Tuesday, July 10, 2007

Popular Culture, or the runs?

...another excerpt from Dalrymple's Our Culture, What's Left of It from an essay he wrote about the funeral of Princess Diana:

That her tastes were, despite her privileged upbringing, utterly banal and plebeian appeared very clearly at the funeral, where Elton John sang his bathetic dirge immediately after the prime minister read St. Paul's magnificent words in Corinthians It was highly appropriate (and symbolic) that this lugubrious booby, with his implanted wig, should sing a recycled version of a song intially dedicated to the memory of Marilyn Monroe--a celebrity who at least had had to make her own way in the world, and who also made a few films worthy of commemoration. "Goodbye, England's rose," he intoned in a mid-Atlantic accent that spoke volumes for the loss of Britain's cultural confidence, "from a country lost without your soul."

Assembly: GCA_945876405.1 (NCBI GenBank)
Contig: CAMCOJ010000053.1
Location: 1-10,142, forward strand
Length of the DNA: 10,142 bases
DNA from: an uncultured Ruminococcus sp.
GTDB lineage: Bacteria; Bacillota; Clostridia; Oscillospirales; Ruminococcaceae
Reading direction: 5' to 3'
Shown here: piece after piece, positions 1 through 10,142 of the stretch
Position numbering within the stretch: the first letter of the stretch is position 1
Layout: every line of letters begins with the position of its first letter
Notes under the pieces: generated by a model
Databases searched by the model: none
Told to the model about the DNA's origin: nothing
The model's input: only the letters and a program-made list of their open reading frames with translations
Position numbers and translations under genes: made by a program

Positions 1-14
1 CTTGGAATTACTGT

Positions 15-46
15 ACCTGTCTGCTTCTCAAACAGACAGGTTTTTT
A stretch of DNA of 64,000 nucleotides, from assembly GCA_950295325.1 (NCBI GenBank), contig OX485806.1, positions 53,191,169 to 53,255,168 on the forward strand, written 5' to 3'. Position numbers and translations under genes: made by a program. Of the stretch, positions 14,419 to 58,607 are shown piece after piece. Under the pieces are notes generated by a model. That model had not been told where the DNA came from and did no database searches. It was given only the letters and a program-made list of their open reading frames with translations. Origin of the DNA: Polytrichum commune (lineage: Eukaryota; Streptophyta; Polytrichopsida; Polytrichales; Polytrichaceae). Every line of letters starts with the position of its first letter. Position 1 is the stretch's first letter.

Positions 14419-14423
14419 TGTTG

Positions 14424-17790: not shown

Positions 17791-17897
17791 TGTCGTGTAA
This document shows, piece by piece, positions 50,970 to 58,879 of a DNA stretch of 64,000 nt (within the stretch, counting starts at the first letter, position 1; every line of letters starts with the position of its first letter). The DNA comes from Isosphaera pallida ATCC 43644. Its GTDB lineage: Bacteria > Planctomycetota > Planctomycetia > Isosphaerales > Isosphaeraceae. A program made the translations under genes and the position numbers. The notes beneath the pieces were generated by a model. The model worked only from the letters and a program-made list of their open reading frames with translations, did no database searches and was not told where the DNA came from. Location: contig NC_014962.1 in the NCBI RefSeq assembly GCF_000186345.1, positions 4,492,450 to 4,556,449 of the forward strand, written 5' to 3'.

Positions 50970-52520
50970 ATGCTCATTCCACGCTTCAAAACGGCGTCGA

You can say that again. In the orgy of sentimentality into which much of the country sank after Diana's death, and which reminds me of the hot bath into which I gratefully sink after a hard day at the hospital, one thing has become evident: that the British, under the infuence of the media of mass communication, which demand that everyone wear his emotion or pseudo-emotion on his sleeve, have lost their only admirable qualities--stoicism, self-deprecation, and a sense of irony--and have gained only those worthy of contempt. They have exchanged depth for shallowness, and have thought they got the better of the bargain. They are like people who imagine that the answer to constipation is diarrhea.

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